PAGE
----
IREC model had lower fees, lower initial cost burden to consumers seeking interconnection

    No external disconnect switch needed for inverter-based systems

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    Maines interconnection standards

    General technical screening criteria

    Four levels of specific standards

    Additional protections

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    General screening criteria examples

    Safety and reliability Limits on how the existing + interconnecting

    generation can load the distribution circuit Generator cannot exceed the capacity of the

    customer's existing electrical service Customer cannot require utility to upgrade its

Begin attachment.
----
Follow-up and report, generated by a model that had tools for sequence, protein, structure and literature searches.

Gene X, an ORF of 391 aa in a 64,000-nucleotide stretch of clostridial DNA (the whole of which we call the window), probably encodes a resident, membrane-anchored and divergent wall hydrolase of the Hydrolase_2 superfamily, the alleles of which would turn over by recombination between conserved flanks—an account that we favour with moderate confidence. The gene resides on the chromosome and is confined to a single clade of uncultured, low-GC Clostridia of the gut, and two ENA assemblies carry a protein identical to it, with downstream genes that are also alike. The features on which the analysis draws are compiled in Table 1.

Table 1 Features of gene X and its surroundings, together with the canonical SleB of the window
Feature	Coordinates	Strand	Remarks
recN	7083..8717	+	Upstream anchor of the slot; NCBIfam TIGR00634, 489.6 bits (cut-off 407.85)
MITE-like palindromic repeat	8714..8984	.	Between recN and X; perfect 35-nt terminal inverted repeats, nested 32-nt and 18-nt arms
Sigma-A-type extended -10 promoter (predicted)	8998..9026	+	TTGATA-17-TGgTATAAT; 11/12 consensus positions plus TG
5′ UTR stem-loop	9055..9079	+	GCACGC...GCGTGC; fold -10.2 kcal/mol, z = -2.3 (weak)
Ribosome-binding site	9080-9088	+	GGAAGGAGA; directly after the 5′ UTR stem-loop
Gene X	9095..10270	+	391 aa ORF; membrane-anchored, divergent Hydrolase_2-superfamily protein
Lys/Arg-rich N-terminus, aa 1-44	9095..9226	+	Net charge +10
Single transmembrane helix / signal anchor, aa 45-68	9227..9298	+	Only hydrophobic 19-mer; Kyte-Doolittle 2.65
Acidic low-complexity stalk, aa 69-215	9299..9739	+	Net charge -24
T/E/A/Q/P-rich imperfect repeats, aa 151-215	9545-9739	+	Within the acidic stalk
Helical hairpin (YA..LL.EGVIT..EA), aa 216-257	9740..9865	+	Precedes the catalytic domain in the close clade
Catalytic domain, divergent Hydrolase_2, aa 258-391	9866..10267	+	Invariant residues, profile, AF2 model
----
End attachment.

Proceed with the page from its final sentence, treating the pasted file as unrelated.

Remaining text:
system to accommodate generator

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    Four-level system

    Level 1: inverter-based generators

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    Four-level system

    Fee for Level 1 = $50 All other levels = $50 + $1/kW Fast-tracked timelines

    Level 1 example: Customer submits application Utility has 5 days to deem application complete +10 days to notify customer of screen passage +5 days to send Level 1 interconnection agreement

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    Additional protections

    Utility must designate a single point of contact for application process

    Presumption that meeting screens means project complies with technical requirements

    Utility cant require a customer-generator to: install additional controls (e.g. utility accessible